Animal Kingdom

Animal Kingdom

The A.V. Club’s review of Animal Kingdom spends a fair bit of time complaining about protagonist J’s monotonous line delivery and seeming lack of emotions, which is amazing considering that it’s pretty clear that his flatness is part of the character and not the fault of the actor. The review also compares the film to the works of Quentin Tarantino and Martin Scorsese, as if to say that this film is gently ripping them off, case closed.

I suppose there’s something to be said for the idea that Animal Kingdom isn’t totally original. We join a crime family as they try to stay one step ahead of the cops, but the Melbourne police are getting tired of playing games and are starting to go out looking for blood. J is a young kid who is pulled into this world on accident – before her death, his mother had made it a point to remove him from his family’s grip – but now the boy is in the thick of it, so he’s going to have to watch his back.

That alone is kind of over-done. And there are certainly times where the action becomes a little bit cliched. As with many films of the genre, when things seem to be going well are when they are soon to be at their worst – I guess it’s the hilarity of the juxtaposition that makes this such a common occurrence. Similarly, I had a pretty good idea of where the end was going long before it got there. The real strength of Animal Kingdom, then, comes in some terrific performances and some occasionally poignant moments in the screenplay.

Ben Mendelsohn gets the vast majority of the praise, in an amazing performance as one of J’s uncles. Where other characters grind their teeth or glance around nervously to show their hidden fears, Uncle Pope (Mendelsohn) maintains a cold stare. He’s not staring at anything in particular, his eyes just burning with rage. Where he begins the movie seeming a little slow, it soon becomes clear that his mind is moving at lighting pace, running over and over the problems he has to deal with and growing ever more bitter and desperate. It’s wonderful when just the way he looks at a character can say so much more than any line would be possible to convey. Which is not to say that the other actors don’t hold their own. Jacki Weaver, as J’s grandma ‘Smurf’ is also excellent, as well as Luke Ford and Guy Pearce. There is always more to the character than we understand at first, the driving force which keeps them on the paths that they have chosen.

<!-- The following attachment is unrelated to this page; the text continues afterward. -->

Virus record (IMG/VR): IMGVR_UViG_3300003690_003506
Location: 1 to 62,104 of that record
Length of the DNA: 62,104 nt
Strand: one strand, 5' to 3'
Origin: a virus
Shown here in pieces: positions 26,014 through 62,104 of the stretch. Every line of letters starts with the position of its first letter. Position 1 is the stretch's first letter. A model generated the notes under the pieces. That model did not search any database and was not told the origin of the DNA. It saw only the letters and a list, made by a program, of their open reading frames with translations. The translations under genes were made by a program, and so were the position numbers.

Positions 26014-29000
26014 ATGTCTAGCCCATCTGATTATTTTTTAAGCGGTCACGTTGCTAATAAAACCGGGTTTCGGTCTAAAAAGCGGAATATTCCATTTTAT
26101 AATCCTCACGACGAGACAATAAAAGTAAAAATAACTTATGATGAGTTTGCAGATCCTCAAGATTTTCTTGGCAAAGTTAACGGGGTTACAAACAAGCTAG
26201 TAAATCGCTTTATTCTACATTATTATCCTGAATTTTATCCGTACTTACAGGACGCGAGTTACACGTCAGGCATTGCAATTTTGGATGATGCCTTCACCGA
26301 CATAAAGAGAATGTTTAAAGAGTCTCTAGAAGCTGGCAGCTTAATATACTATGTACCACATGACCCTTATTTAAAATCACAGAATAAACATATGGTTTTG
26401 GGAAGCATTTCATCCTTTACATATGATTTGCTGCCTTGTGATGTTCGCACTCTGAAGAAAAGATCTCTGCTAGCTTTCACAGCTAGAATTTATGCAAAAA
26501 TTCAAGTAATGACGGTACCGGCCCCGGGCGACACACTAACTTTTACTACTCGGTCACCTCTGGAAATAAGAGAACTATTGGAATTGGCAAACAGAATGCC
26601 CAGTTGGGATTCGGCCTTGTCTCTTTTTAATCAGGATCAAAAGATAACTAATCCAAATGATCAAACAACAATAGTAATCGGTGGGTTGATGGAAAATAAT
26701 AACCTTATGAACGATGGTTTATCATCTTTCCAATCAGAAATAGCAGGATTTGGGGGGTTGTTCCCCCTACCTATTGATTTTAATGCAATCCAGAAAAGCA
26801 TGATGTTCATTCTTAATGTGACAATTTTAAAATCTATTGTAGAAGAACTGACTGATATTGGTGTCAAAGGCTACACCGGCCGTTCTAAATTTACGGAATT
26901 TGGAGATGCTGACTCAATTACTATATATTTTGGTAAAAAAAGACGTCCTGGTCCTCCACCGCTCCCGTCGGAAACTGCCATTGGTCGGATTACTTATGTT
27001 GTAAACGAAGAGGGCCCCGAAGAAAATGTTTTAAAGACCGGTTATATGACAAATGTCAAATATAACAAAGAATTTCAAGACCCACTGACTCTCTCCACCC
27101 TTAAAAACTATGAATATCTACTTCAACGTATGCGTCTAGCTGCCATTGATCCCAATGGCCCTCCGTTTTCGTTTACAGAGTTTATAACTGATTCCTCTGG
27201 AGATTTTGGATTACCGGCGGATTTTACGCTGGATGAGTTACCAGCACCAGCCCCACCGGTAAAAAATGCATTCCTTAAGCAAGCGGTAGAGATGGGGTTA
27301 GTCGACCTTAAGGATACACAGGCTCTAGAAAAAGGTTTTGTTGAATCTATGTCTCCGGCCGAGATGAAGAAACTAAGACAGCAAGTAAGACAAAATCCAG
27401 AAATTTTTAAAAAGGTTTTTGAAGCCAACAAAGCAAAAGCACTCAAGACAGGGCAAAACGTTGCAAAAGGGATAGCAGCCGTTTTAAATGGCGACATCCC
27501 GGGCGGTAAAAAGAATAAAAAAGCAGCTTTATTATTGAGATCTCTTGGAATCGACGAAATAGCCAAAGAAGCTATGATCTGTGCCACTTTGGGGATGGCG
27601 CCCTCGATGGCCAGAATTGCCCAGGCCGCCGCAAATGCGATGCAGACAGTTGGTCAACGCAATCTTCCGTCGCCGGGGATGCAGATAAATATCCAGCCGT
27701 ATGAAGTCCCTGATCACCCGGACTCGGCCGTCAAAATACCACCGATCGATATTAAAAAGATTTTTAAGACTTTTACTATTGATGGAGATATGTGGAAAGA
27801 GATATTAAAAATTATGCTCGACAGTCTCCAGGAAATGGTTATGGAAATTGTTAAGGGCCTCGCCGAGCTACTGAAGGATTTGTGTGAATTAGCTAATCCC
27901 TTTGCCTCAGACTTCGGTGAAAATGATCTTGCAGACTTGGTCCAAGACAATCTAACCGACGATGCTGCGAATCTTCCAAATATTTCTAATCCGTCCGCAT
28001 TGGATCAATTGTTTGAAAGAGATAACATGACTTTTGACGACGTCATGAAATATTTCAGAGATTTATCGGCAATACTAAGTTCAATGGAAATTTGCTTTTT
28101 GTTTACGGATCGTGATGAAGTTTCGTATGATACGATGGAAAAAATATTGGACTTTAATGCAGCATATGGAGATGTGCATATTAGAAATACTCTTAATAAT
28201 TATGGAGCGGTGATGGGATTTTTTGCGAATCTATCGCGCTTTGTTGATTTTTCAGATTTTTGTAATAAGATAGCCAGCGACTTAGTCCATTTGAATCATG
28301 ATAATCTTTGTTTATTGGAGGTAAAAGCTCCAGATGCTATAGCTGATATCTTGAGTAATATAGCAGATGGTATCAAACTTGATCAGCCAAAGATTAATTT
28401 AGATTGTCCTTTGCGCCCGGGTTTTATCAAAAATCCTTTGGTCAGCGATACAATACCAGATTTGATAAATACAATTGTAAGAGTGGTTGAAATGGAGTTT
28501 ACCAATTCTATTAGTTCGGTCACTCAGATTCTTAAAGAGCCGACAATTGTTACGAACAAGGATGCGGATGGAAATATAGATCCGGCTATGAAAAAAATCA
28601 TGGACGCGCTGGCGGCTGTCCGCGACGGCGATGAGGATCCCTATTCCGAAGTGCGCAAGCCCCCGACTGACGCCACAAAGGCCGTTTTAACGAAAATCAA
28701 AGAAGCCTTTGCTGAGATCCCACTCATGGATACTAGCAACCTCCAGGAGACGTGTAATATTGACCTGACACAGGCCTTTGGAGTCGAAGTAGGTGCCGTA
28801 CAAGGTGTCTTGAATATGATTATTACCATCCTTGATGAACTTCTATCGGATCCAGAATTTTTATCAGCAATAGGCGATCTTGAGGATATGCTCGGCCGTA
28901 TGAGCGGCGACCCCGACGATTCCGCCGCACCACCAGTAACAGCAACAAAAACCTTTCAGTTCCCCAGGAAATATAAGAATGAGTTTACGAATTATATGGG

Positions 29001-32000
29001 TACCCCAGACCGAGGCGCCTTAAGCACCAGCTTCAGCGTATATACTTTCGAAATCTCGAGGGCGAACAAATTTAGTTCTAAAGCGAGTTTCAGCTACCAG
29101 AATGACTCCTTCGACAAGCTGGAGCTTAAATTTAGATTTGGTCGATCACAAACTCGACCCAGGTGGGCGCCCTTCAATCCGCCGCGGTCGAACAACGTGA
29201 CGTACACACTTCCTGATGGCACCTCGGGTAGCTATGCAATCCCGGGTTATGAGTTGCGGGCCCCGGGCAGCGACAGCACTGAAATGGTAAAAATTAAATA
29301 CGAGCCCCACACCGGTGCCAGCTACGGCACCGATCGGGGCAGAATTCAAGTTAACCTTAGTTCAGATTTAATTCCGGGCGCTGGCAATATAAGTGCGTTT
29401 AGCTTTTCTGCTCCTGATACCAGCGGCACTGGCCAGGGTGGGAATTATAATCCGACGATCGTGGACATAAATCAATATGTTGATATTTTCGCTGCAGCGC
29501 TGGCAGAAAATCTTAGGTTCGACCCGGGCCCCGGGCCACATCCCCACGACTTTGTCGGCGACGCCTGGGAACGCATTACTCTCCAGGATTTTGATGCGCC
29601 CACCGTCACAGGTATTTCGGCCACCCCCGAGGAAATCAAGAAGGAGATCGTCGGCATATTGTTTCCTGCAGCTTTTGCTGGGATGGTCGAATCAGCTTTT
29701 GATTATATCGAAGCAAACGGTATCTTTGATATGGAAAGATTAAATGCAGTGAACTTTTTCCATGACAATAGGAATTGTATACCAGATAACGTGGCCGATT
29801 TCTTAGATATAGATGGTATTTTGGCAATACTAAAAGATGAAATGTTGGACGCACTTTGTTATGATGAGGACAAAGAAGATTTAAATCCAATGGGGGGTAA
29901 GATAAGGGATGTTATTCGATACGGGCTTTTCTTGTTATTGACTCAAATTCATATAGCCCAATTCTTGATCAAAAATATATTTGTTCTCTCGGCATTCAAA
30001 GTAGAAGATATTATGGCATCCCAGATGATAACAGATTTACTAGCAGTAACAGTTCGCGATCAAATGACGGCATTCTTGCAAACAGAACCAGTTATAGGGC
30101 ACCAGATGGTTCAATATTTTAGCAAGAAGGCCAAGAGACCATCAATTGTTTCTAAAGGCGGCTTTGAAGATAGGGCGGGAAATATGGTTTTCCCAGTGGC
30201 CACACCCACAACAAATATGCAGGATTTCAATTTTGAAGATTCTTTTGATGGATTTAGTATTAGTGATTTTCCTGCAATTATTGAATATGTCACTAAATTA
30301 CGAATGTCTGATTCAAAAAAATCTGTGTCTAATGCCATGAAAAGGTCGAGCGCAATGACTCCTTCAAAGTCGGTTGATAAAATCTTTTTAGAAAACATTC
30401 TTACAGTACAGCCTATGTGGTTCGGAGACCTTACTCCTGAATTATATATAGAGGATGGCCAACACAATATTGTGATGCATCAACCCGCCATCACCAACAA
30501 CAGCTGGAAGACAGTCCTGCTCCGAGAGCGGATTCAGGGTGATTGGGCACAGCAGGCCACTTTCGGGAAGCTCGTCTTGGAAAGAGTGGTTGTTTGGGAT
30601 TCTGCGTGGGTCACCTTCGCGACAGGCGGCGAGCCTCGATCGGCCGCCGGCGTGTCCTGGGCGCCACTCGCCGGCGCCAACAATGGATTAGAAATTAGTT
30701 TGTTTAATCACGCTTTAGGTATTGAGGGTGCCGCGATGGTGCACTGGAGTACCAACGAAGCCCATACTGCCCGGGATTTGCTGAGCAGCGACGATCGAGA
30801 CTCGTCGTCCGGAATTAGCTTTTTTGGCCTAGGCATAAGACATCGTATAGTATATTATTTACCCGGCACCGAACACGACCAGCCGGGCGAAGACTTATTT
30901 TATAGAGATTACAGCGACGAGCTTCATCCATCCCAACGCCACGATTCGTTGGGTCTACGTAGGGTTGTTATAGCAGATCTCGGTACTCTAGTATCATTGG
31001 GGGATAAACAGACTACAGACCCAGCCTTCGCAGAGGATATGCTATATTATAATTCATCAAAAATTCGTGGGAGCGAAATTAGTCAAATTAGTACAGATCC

As far as those small moments, there are four that quickly come to mind. The opening shot and the closing moments are both just outstanding. If there is any lack of originality in the midsection of the movie, it can almost be forgiven for having such a strong open and close. When I talk about the ending, I am mostly speaking with regard to the last line of spoken dialogue (in addition to the subsequent action). There’s also a moment where a frightened J pleads with his girlfriend’s father to drive him away – anywhere to get away from the danger that is on his heels now. What follows is an amazing shot, where the two characters (J and his girlfriend’s father) pull slowly backward out of the garage and into the driveway. The characters are both looking over their shoulders, but for different reasons: the dad is carefully pulling out of his driveway, but J is breathless, anticipating an attack. To pack that much tension into a scene of a car pulling out of a driveway shows how skillfully the film was made.

And then of course, there’s a moment where homicide detective Guy Pearce speaks candidly with J about his family’s troubled waters. The police know that the family is involved in criminal activity, it’s just a matter of getting someone to squeal. Pearce gives a speech that occasionally crosses the line into overt symbolism, but mostly serves a greater purpose. He intends to convince J to give up his uncles to the authorities, but the speech does a better job of exhibiting who Pearce’s character is. He looks at J in a somewhat paternal manner, wanting to keep the kid out of trouble, but at the same time he knows that J is a means to an end. Perhaps he is showing his hand too readily when he tells the boy that there are those in this world who are strong and there are those who rely on the strong.

Animal Kingdom has a 97% on Rotten Tomatoes currently. A friend asked me whether I felt that the movie deserved such a high rating. I do think that it’s a magnificent film, but I’m not sure that it quite reaches the heights that that sort of rating implies. There are several brief moments of exhilaration, and the performances truly do carry the movie when the story strays into weaker areas. But the times when the movie dips into the same-old storyline that we’re used to seeing still stick out too prominently. Altogether, it makes for a great movie that is so so close to being outstanding.. but barely misses the mark.

Still, definitely definitely check it out.

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